MONTPELIER — Services for the homeless in the capital will be launched for the first time next month with a new shelter at the Bethany Church.
The shelter in the basement hall of the Main Street church will offer 20 beds and would operate from early November until April.
The new shelter is an overflow service of The Good Samaritan Haven in Barre, central Vermont’s only year-round homeless shelter with 30 beds. The shelter also operates another overflow facility during the winter at the Hedding United Methodist Church in Barre with 14 beds.
Both overflow shelter services are supported by a one-time $600,000 legislative appropriation earlier this year to expand services in both Barre and Rutland rather than spend money on hotel vouchers during the winter months. Advocates of the funding said shelters were better able to connect the homeless with other services, including affordable housing and mental health and disability services that could lead to more permanent housing. Washington County Mental Health Services has also offered Good Samaritan Haven the use of three one-bedroom apartments in Montpelier as short-term housing for the homeless to help them transition to permanent housing, and will also provide the homeless with mental health counseling services.
Officials at The Good Samaritan Haven and Bethany Church were upbeat about having a shelter in Montpelier for the first time. The link between the two is shelter manager Judi Joy, who is also a member and past president of the Bethany Church Board of Trustees.
Joy said the idea for an overflow shelter at the church came about during a service she attended.
“At Bethany, we have a spoken aloud prayer time, and we prayed for people who were going to be out in the cold after the overflow shelter at Hedding United Methodist Church closed in April when it was still chilly,” Joy said. “We went from the prayer group into a lesson study about how to be community, and we talked about how people wanted to give more.”
Joy said when she learned about the extra money from the state for additional homeless services from Good Samaritan Haven Executive Director Brooke Jenkins, she suggested opening an overflow shelter in Montpelier.
“ I thought Bethany Church would be very approachable and it’s our mission to serve, so I brought it up to the church board, and Brooke wrote a proposal and we brought it to an open meeting of the congregation,” Joy said. “ People had questions that Brooke answered, and it seemed to go well, and then we had a board meeting and decided to move forward with it.”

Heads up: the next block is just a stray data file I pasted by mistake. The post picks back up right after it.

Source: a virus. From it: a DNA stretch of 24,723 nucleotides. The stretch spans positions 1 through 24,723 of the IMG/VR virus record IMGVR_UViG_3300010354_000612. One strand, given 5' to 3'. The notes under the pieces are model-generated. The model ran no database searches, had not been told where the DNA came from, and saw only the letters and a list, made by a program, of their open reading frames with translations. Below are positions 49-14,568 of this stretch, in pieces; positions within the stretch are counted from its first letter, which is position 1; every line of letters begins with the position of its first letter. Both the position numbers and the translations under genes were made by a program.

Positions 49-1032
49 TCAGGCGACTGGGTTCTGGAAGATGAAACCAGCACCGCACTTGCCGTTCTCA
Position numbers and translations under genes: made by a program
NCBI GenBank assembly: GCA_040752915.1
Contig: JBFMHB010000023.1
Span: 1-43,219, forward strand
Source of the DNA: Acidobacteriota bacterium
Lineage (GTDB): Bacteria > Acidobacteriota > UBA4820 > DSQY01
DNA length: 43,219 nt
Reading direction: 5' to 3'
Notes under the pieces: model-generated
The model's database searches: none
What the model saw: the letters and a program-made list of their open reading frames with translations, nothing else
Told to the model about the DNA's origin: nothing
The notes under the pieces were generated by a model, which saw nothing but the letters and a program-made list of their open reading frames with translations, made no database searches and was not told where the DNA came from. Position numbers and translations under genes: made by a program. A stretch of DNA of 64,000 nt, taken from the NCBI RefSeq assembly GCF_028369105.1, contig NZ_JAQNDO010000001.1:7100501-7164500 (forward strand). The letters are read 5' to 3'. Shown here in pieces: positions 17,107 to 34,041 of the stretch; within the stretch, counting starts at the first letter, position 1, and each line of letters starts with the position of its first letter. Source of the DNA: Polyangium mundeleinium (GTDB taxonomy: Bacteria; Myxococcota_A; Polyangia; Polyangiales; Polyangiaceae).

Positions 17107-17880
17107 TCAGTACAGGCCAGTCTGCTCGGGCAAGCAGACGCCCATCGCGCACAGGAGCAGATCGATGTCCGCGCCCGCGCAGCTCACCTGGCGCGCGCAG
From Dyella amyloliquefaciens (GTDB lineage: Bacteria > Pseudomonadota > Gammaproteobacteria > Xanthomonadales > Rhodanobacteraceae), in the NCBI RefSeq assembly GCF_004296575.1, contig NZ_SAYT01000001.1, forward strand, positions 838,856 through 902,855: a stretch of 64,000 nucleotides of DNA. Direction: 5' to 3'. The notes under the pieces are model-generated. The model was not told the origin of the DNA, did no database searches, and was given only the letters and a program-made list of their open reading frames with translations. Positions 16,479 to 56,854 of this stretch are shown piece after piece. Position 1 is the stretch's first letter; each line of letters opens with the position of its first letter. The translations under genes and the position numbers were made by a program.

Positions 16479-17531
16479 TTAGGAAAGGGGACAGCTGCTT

Jenkins added, “We have been working hard to find a place to open a new overflow shelter, and Bethany Church stepped up.”
Bethany Church i s donating the space and Good Samaritan is going to staff and administer the program.
Jenkins credited the Montpelier Housing Task Force with awarding a $5,000 grant to Bethany Church to install shower facilities for the overflow shelter residents.
“ Homelessness is an issue in Montpelier but there has not been a shelter ever,” Jenkins said. “It’s really tough, so I think that the church … stepping up to help some of the most vulnerable in the community is huge.”
Church and shelter officials said the Bethany shelter will not interfere with other programs and services at the church. They said portable beds will be set up for overnight use, from 8 p.m. and 8 a.m., and will be stored away the next morning. The church’s Tuesday Bethany Bowl soup kitchen will also continue to operate.
During the day, the homeless will have the use of Another Way on Barre Street, a longtime community support service for people with mental health and other challenging issues, Joy said.
Bethany Church minister, the Rev. Amy Pitton, expressed strong support for the homeless shelter at the church.
“The homeless shelter is very much in line with Bethany’s mission,” said Pitton. “ We very much care for our neighbors and those who are struggling. We have been a supporter of The Good Samaritan Haven for a number of years, providing meals, and this just seems like a natural fit.”
Pitton said the church and its congregation has been concerned about the Montpelier’s homeless population over time.
“I don’t think we would be capable of doing it on our own, but working with an agency that already has the homeless as its mission and understanding how that works has made it possible for us to be in partnership to address the problem,” Pitton added.